Saturday 11th April
Courtyard Farm with my wife and two small boys to collect pond water for our tank of Tadpoles, there were Common toads in the Whartons Belt pond, Blackcap and Chiff Chaff singing, Peacocks, Small Tortoiseshell and Comma flying.

Sunday 12th April, 8 - 9.30 am
Walked from Holme toilet block to conifers and back. Highlight was a male Ring Ousel, which was almost the first bird I saw as it flew out of cover on the golf course and landed for just long enough for me to get scope on it, then flew into top of bush by path before disappearing. Also had Chiff Chaffs didn't count these but heard 4 - 6 singing, A Cetti's by the NWT entrance gate. Swallow 3 singles west.

Titchwell Marsh
A quick half hour here with one male Red Crested Pochard on Patsys Pool, 2 - 4 Marsh Harriers, 2 Buzzards, a Sparrowhawk, Chiff Chaffs, and two Cetti's.
Little Bunting

Male Redstart

Tuesday 14th April
Stopped at Choseley Drying Barns on way to and from work, dipped on both visits on Dotterel, but did year tick Wheatear (5)

Thursday 23rd April
Two visits to Snettisham coastal park [lunch time and after work], scored Little Bunting, a rather smart male Redstart, heard a Cuckoo, heard / saw White throat, Lesser Whitethroat, Swallow, Yellow Wagtail, Sedge Warbler, Willow Warbler, Blackcap, Chiff Chaff, Cettis 2 - 3, Med Gull 2. Rather good!

Friday 24th April
River Yare in Norwich, small Pond by the Cow Tower a basking terrapin, suspect 3 present.
Subsequent correspondence with a Herpetologist friend
"I was not sure of the Turtle as it does not resemble the normal Red Ear  Trachemys scripta elegans or the Yellow bellied Slider Trachemys scripta scripta. The trouble is there are a lot of subspecies in the USA & Mexico and going down Central America plus some species in the West Indies but managed to find photos of a lot of these and nothing had the WIde yellow Y mark well away from the eye coupled with the thinner line of red together with radial yellow stripes on the shell. I did think of an intergrade or hybrid and sent the photos to an expert over in Denmark who wrote the main document on the species in Europe as an Invasive alien who has said he is certain that it is a hybrid between Trachemys scripta scrripta and Trachemys scripta elegans.

Saturday 25th April
Pensthorpe Natural Park for Wild About the Wensum with the family. An uncomfortably busy day but did manage to year tick Common Tern and a male Orangetip.

Sunday 26th April
Titchwell Marsh, a morning walk turned up a Spotted Redshank in summer plumage, two Little Ringed Plover, a Common Sandpiper, one adult Gannet and four Eider's offshore, a single Cettis seen well, plus Blackcap, Chiff Chaff, Willow Warbler, Sedge Warbler, Reed Warbler, and a Grasshopper Warbler reeling from a small willow by Patsy's Pool.

Choseley Drying Barns
Finally connected with the Dotterel, two females and a male very distant views of them in a ploughed field.

Thursday 30th April
A walk to a meeting through St James's Park in London, picked up a Ring Necked Parakeet on call, feeding in London Plane tree very well camouflaged.

Ring necked Parakeet

Thursday, 30 April 2015

Sunset snaps

I live in Hunstanton and regularly see people taking pictures of the sunset over The Wash cameras, phones and tablets held in front of their faces in supplication and I suspect 99% of the time capturing the same snap shot of a ball of fire descending into the sea.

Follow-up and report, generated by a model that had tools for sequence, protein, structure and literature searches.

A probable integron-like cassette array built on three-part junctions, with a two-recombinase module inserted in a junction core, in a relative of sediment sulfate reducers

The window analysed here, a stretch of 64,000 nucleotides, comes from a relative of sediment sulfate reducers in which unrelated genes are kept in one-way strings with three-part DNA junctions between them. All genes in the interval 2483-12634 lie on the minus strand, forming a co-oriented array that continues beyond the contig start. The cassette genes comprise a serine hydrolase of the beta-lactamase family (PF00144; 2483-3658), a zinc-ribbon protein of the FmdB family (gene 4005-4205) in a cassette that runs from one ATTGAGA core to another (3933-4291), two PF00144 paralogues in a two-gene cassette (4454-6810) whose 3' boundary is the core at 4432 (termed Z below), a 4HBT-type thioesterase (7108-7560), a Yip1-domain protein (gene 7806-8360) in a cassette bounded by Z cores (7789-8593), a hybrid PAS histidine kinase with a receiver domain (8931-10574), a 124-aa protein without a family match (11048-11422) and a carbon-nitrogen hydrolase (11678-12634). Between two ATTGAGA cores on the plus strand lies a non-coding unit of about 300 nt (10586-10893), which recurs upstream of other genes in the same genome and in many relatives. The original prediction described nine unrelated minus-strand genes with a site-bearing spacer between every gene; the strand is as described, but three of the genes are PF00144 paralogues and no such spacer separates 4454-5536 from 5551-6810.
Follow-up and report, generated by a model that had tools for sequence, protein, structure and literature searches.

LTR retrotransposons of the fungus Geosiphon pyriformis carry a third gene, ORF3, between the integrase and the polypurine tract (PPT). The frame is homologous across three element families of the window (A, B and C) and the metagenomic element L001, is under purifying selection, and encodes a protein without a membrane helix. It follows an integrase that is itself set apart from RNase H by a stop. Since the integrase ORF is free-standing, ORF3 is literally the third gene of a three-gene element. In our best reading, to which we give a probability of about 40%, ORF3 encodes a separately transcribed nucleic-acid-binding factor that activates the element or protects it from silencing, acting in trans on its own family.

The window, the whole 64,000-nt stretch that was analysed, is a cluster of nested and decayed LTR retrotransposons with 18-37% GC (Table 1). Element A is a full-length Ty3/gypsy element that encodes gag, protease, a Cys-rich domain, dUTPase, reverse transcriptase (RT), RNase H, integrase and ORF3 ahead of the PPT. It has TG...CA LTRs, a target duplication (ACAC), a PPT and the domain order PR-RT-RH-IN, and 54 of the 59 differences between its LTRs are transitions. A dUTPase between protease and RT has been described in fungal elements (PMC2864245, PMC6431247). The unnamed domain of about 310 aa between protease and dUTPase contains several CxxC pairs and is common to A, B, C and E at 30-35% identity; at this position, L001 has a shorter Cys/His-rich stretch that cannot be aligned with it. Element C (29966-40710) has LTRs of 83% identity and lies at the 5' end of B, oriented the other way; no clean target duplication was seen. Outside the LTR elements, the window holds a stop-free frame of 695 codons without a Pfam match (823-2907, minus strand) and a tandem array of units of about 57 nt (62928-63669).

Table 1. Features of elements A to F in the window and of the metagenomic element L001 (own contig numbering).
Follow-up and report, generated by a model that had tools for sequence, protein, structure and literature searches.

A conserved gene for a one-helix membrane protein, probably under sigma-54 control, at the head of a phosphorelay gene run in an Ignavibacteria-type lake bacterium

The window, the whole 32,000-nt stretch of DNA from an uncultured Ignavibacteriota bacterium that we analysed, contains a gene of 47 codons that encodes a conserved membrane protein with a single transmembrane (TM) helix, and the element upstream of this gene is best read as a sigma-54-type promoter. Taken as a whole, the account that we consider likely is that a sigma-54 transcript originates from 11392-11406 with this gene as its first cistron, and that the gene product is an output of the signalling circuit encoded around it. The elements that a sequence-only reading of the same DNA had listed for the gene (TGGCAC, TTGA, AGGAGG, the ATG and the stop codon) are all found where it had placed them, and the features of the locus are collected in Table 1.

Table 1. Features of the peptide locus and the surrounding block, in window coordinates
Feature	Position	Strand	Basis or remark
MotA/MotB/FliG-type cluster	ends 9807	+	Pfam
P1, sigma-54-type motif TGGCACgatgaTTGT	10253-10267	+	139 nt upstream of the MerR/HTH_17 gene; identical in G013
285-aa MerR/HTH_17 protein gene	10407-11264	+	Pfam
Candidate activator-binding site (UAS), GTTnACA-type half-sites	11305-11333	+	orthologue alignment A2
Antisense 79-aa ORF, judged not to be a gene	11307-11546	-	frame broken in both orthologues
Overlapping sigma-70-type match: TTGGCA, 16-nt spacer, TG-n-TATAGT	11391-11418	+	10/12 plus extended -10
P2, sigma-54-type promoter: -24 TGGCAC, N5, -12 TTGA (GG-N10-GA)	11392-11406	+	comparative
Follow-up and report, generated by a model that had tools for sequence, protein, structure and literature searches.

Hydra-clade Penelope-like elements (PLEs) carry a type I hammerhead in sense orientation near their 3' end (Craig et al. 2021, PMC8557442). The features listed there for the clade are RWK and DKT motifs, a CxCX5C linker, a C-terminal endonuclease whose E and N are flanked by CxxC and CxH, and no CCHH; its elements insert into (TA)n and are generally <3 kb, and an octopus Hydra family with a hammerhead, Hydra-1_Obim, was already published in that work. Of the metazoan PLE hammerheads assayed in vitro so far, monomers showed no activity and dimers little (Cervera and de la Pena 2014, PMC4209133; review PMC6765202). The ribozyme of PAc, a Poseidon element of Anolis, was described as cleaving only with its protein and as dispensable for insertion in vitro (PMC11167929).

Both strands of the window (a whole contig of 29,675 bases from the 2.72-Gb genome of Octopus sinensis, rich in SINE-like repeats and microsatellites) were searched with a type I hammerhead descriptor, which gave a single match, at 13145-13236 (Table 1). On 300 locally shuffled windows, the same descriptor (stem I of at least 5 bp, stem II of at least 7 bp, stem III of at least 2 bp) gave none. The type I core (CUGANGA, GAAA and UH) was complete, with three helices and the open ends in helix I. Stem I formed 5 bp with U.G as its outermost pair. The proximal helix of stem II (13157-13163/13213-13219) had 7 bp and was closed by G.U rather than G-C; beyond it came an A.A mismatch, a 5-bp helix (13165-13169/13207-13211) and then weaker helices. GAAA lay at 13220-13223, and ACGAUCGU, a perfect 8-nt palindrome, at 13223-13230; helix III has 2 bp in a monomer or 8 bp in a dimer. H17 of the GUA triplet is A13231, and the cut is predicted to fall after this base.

I am occasionally tempted to take a picture like this and below is one that I think works due to the very simplicity and symmetry of the composition.

Wash sunset
But I like to try and get something a little more interesting and a few evenings back I went for a walk at dusk along Hunstanton Beach with my binoculars and little compact camera [a Panasonic Lumix TZ30], as much to stretch my legs and back as anything and with perhaps a vague hope of hearing and maybe seeing a newly arrived Sandwich Tern offshore.

As I filled the void left by the completely absent terns I played with my camera wondering how to make the setting sun part of a more interesting composition than just the cliched ball of fire setting into the sea. And then I saw this family strung out in a line and trudging homewards. I liked the fact there were three of them and how at the end of the day Dad was leading the way and followed by mum and child with their tired heads bowed, or at least that's what I read into the picture. Also liked the simple composition with lines of colour. And yes I know that the horizon isn't quite straight.

Home from the beach

Sunday, 19 April 2015

A brief visit to South Essex

Spent a couple of days for work in south Essex on the 15th and 16th of April, managed to see a few birds along the way.

A hot Wednesday afternoon was spent walking the seawall at Wallasea Island a real feel of summer with the odd Swallow hawking over the approach road and a smattering of citrus bright Yellow Wagtails. As ever the hugeness of this site hits you straight between the yes as you walk down footpath along the edge of the Crouch estuary and view the island being transformed before your eyes.

Bird-wise we heard then saw two or three Med Gulls and a number of Little Egrets and lost of sky larks and singing Corn Buntings. But perhaps the highlight of the visit were the two Short Eared Owls hunting the rank grass by the side of the road.

Black Winged Stilts caught in the act at Bowers Marsh
On Thursday a walk and talk around Bowers Marsh was enlivened by the presence of a pair of Black Winged Stilts part of an influx in the K this spring as this species continues to show signs of colonising. Whilst watching the Stilts and Avocet's we also managed to pick out an unexpected Glaucous Gull. Half a dozen Swallows were the most I have seen together this year. I tried my hand at digiscoping through my old Nikon ED and got the "best" results using my Panasonic Lumix TZ30 Macro Zoom setting.

Glaucous Gull at Bowers Marsh
Finished the tour at Wat Tyler Country Park where the first bird I saw and heard was a Cuckoo, pretty quickly followed by the explosive song of a Cettis Warbler.

Decaying boat at Wat Tyler Country Park